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Middlemarch: An Authoritative Text, Backgrounds, Reviews and Criticism (A Norton Critical Edition)
Bert G. Hornback, George Eliot
The Magic Mountain
Thomas Mann, John E. Woods
Love in the Time of Cholera
Gabriel García Márquez
Descent Into Discourse: The Reification of Language and the Writing of Social History - Bryan D. Palmer Marxist historian brings this late cold war polemic against the linguistic turn in the writing of history, bringing his critique to bear specifically on post-structuralist developments.

Opening section gives a whirlwind tour of the linguistic turn itself, beginning with the nietzschean prototype, moving through Saussure, the Bakhtin circle, and the Prague circle before getting hot under the collar for Levi-Strauss, Barthes, Althusser, Foucault, Lacan, and Derrida, then ending with a critique of de Man's wartime conduct. It's all very fast, and readers unacquainted with the writers in question may have a hard time keeping up. It's accordingly not a beginner's volume, but it's flattering that the writer gives his interlocutors the intellectual credit of writing this kind of introduction. (Seriously, don't approach this one until reading at least Derrida for Dummies or Introducing Saussure or whatever.)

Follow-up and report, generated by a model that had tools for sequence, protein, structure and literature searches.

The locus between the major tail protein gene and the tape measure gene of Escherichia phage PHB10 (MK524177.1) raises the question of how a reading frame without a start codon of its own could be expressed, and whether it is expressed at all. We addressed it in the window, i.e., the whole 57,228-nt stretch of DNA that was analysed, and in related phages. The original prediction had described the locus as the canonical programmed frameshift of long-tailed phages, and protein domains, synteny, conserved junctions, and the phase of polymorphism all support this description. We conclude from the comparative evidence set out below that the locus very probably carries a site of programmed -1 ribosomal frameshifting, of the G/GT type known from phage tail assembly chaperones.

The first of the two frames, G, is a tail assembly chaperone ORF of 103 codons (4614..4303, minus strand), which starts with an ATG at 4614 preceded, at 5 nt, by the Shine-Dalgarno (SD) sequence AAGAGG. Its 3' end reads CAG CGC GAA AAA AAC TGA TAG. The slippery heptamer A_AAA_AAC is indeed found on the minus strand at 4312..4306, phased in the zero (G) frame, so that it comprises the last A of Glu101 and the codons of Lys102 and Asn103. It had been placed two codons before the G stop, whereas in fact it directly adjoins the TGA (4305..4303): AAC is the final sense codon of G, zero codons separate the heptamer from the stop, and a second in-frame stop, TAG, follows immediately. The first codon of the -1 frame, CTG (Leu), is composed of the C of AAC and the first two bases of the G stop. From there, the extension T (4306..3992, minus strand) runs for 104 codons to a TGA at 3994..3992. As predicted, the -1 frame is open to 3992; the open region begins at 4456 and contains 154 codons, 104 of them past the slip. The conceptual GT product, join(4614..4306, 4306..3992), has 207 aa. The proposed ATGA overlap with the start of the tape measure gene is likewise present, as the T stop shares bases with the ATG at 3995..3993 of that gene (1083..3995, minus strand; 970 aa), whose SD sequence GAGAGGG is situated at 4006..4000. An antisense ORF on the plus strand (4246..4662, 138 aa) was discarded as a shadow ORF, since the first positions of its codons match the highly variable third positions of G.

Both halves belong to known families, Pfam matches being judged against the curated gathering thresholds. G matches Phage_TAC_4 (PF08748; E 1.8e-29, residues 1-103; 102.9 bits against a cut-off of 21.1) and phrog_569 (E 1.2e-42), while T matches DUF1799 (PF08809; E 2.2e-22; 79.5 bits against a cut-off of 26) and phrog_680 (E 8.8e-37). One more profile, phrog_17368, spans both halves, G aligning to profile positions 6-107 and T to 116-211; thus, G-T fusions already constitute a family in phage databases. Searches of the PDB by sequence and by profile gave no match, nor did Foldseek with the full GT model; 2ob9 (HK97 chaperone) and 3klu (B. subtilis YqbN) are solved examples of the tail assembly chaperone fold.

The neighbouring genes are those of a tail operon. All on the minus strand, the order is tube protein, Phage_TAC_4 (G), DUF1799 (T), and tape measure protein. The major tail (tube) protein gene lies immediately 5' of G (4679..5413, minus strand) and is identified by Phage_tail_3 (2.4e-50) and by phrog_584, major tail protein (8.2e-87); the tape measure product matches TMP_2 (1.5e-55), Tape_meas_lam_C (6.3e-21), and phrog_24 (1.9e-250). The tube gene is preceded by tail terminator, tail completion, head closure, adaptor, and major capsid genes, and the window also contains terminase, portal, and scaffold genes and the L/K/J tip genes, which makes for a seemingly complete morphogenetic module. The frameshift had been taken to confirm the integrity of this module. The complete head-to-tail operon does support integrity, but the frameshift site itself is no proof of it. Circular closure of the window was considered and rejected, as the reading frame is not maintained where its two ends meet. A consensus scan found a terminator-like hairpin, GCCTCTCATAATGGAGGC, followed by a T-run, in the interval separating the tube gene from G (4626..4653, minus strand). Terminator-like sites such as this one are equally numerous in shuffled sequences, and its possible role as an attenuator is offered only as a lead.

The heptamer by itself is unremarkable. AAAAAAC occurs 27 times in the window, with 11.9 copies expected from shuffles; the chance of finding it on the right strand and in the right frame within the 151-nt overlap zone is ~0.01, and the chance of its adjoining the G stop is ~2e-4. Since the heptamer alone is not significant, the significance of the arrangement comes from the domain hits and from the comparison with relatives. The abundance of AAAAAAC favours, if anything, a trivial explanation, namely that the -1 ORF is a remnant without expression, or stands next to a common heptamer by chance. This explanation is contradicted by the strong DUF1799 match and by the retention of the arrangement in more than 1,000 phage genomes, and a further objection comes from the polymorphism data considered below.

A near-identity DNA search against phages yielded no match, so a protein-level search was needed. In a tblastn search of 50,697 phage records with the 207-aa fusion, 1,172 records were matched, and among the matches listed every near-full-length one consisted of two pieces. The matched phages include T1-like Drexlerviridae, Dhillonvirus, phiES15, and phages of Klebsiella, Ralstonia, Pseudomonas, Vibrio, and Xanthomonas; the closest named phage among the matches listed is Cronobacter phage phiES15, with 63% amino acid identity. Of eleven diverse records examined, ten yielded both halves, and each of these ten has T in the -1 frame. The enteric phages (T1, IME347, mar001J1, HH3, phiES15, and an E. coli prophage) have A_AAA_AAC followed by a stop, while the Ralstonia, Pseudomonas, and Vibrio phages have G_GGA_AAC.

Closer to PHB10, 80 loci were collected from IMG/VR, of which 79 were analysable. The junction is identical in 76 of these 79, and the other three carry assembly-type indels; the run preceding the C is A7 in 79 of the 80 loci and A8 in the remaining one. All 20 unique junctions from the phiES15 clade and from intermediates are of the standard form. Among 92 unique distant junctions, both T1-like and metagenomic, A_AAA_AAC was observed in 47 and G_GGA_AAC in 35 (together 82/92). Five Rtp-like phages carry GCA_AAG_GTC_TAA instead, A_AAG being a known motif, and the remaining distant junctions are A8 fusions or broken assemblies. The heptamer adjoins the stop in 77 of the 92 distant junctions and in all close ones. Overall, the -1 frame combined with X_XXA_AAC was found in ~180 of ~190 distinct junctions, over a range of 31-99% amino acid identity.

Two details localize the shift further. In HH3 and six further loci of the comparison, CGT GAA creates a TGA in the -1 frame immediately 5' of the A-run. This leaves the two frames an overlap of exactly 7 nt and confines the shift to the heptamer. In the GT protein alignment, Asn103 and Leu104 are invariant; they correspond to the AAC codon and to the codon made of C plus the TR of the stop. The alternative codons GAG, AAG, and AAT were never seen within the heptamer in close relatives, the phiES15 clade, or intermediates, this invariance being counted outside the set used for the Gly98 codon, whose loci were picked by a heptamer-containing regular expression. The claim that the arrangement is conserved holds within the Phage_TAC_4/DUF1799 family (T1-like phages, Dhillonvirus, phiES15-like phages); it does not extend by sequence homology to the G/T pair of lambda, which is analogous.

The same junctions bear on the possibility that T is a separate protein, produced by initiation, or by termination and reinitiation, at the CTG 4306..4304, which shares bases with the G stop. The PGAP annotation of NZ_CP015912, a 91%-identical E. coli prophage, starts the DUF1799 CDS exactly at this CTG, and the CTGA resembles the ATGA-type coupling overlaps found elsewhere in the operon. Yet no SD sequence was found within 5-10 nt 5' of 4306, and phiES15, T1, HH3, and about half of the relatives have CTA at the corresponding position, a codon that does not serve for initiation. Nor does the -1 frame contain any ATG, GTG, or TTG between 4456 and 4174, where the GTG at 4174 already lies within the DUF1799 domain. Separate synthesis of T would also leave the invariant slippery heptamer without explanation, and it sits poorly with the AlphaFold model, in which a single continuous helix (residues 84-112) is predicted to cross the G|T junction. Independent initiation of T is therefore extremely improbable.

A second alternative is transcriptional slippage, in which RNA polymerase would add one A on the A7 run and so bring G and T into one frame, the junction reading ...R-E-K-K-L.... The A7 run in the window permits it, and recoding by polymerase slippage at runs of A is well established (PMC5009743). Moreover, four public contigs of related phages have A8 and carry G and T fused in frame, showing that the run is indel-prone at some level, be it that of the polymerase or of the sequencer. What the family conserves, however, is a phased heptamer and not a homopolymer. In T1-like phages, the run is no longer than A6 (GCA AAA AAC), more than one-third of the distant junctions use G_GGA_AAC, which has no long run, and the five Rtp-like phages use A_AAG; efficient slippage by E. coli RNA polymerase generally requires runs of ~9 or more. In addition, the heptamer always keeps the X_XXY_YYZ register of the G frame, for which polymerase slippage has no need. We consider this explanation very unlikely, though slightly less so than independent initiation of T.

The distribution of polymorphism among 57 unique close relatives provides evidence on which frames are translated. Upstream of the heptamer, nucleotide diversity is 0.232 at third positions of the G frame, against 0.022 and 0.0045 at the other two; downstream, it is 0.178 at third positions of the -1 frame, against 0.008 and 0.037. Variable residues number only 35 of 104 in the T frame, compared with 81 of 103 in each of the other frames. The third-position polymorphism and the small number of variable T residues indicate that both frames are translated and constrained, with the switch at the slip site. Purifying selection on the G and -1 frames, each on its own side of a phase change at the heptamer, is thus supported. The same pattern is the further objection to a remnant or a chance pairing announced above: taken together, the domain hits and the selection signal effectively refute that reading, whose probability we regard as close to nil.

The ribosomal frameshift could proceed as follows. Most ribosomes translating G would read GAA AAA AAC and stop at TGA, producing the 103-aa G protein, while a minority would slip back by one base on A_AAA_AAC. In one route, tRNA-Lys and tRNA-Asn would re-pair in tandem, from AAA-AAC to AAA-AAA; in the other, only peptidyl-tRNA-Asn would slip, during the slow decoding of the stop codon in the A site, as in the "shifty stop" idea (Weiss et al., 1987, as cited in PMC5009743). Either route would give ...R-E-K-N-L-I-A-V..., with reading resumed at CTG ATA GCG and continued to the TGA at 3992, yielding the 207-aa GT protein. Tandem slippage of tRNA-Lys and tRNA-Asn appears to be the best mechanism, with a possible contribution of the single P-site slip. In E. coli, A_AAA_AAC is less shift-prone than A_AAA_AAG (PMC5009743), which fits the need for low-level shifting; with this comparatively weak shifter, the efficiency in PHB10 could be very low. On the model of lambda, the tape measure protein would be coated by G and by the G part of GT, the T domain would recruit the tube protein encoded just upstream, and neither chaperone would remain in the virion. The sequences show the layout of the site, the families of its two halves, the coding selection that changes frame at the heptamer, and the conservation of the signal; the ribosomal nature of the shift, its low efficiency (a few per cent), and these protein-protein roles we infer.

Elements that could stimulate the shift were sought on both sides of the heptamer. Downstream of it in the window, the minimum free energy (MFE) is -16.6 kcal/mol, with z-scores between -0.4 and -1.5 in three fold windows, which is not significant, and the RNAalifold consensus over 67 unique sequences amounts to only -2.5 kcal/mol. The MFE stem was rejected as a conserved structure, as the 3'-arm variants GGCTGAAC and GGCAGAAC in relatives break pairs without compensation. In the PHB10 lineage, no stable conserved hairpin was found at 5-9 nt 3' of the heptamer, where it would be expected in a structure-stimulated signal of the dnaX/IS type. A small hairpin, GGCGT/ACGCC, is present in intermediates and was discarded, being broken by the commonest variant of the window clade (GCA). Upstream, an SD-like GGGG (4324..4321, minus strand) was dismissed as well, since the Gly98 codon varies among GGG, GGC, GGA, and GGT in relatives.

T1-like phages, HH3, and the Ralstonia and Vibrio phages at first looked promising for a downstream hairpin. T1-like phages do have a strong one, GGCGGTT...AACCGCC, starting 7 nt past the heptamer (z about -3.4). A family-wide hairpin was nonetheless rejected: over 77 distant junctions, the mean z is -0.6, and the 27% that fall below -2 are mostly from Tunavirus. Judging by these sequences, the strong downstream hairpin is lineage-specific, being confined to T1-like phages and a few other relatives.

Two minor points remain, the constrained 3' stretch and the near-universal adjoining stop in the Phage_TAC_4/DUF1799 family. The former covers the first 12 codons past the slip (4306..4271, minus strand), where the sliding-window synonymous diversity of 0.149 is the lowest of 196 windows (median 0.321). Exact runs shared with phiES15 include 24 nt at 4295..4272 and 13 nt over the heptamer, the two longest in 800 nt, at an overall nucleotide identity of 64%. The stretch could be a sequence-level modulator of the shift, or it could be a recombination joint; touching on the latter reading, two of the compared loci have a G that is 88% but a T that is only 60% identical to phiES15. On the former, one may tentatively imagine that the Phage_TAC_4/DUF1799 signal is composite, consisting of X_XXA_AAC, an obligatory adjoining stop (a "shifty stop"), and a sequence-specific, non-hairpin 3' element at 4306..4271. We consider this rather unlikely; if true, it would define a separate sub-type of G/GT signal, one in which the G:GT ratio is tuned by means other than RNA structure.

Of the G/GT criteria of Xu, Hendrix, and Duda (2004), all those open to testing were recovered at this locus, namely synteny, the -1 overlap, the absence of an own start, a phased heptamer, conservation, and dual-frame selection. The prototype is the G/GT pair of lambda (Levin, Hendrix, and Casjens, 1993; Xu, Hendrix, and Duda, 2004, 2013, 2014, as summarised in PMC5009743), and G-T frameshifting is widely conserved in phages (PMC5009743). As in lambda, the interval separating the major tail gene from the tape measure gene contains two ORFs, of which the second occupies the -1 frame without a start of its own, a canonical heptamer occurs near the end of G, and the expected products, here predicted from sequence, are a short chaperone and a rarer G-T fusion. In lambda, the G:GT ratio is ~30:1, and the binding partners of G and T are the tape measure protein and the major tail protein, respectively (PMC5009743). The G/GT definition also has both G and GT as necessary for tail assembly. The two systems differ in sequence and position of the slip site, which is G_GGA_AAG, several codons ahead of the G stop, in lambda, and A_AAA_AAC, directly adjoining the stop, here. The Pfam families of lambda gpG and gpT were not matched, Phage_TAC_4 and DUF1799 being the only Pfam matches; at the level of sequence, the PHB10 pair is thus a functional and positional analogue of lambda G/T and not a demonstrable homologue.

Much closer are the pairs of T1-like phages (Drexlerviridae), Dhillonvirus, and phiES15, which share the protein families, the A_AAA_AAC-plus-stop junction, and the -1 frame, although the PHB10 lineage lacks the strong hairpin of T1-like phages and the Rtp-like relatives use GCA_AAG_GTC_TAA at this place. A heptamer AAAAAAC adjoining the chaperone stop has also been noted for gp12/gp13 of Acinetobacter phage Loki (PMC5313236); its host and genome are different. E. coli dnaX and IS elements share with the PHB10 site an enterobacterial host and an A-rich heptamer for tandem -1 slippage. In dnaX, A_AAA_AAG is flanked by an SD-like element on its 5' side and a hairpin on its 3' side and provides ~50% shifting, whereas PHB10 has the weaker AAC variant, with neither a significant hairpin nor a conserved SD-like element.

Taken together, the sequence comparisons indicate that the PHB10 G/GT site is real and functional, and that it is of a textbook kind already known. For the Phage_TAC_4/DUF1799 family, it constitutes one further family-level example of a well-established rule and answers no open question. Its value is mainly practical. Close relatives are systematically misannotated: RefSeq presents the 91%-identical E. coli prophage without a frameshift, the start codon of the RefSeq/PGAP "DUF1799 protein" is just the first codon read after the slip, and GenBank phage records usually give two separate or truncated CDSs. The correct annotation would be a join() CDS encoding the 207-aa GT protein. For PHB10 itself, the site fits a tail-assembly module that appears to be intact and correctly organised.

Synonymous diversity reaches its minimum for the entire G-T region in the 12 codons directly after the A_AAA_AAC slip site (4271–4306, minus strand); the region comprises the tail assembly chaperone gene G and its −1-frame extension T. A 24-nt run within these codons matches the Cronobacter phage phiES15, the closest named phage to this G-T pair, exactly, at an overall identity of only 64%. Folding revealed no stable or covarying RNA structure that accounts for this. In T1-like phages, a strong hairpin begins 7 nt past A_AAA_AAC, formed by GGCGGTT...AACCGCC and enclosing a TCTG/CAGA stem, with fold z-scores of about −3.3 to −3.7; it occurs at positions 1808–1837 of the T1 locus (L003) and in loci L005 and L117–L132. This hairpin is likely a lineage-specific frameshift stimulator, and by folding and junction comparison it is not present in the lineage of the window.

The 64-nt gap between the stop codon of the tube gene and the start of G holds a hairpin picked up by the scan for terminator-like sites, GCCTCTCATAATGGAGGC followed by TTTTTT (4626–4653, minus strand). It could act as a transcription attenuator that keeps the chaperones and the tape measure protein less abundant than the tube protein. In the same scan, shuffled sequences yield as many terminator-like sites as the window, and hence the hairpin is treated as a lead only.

The argument proper breaks out into sections on marxism, politics, class, and gender, with a concluding statement thereafter. Each section takes on specific writers in the discipline of history, attempting to expose how they have been influenced by the linguistic turn, and how this affects both the writing of history in general and dismantles old left class-based politics, even though the writers under examination likely can't be designated as rightwingers.

One reviewer grouses that the author is an "unreformed marxist," which a) rudely suggests that marxism is something to be cured, and b) is manifestly erroneous in any event, as Palmer declares his sympathy for E.P. Thompson and Ray Williams on several occasions--marxists of a sort, sure, but no one will accuse them of being dogmatic adherents to the second international or dim-witted stalinists. (Nor, as the same reviewer suggested, is the author a disciple of Trotsky, though same is quoted several times.) As the author otherwise notes: "I am not, of course, suggesting an unthinking return to mechanical Marxism" (211).

Admits in the conclusion that the linguistic turn has some value--"historians do need to deal with and assimilate some of what discourse theory has been claiming" (216)--but history writing should not be simply an aesthetic endeavor that seeks to eschew class analysis in favor of ludic interrogation of events.